New Orleans They lined up by the thousands to get inside, clutching meager belongings and crying children. A few hours later, the power went out, turning the building into a muggy mess. Then part of the roof blew off.
For an estimated 8,000 to 9,000 refugees - many of them poor and frail - the Louisiana Superdome was a welcome shelter from Hurricane Katrina, but a miserable one at the same time.
A large group of refugees gathered by barricades near an exit and demanded that they be allowed to leave. They were told it is not yet safe.
"We all want to be home," said Kenelra Morrison, 23.
The refugees spent Monday sitting in the seats of the stadium and others sprawled out on blankets and towels on the floor. They played cards and read books and magazines in the areas of the arena where the lights worked in the 77,000-seat stadium, home of the NFL's New Orleans Saints. Refugees were given two meals a day.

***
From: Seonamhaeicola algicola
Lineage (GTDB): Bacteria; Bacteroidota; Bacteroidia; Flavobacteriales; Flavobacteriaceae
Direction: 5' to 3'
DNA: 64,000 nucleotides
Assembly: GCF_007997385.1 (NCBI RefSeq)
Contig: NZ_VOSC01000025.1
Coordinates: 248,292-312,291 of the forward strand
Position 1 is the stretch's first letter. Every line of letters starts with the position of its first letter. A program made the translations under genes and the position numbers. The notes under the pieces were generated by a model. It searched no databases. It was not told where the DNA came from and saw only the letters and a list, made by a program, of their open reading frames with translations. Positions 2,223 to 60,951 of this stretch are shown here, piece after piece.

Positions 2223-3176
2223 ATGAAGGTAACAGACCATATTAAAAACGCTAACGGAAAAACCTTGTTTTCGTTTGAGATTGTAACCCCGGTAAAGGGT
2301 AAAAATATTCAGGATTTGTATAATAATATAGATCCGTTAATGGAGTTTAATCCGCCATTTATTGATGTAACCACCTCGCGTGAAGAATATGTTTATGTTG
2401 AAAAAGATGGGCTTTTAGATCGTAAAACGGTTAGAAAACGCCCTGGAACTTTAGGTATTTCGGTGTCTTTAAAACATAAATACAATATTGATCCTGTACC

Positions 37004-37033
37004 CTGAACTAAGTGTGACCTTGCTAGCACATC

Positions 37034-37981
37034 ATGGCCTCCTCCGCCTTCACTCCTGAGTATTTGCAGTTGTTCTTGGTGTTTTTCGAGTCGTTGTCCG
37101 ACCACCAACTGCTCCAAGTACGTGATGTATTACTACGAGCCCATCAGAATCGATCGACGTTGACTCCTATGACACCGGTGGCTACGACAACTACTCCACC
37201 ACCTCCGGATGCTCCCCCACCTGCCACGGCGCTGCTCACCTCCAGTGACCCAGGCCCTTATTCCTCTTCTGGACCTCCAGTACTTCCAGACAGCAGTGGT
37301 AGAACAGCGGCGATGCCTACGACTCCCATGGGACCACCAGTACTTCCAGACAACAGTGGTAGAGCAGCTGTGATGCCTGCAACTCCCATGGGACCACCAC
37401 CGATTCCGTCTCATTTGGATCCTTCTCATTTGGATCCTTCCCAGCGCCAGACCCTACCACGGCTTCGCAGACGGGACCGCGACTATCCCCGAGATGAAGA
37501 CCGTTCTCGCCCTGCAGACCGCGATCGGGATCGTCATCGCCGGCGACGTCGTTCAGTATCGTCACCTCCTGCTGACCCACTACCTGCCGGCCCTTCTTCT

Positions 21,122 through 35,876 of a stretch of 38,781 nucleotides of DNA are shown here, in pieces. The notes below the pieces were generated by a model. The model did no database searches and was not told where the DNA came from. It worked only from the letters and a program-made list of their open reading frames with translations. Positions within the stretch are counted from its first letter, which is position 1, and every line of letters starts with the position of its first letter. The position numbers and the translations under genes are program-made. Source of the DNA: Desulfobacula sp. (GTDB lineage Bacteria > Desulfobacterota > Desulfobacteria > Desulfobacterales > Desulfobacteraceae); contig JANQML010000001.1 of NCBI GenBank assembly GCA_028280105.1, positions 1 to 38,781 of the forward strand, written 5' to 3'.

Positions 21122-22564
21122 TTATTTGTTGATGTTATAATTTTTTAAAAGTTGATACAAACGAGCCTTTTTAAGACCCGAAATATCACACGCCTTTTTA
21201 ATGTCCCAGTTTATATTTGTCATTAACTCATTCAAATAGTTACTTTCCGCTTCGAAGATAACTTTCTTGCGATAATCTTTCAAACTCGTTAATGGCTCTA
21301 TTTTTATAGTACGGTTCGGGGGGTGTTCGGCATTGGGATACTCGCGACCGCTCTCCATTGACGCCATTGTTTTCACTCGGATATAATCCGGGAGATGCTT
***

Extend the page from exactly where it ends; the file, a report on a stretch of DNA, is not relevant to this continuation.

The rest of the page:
Superdome and government emergency officials stressed that they did not expect the huge roof to fail because of the relatively small breaches caused by Katrina's winds.
Refugees sitting below the holes were moved across the arena and away from any falling debris, said Doug Thornton, regional manager of the company that manages the stadium.
"I could have stayed at home and watched my roof blow off," said one of the refugees, Harald Johnson, 43. "Instead, I came down here and watched the Superdome roof blow off."
In addition to the two holes, water was leaking in through many other areas, including elevators and stairwells, as the wind forced water in through any small opening.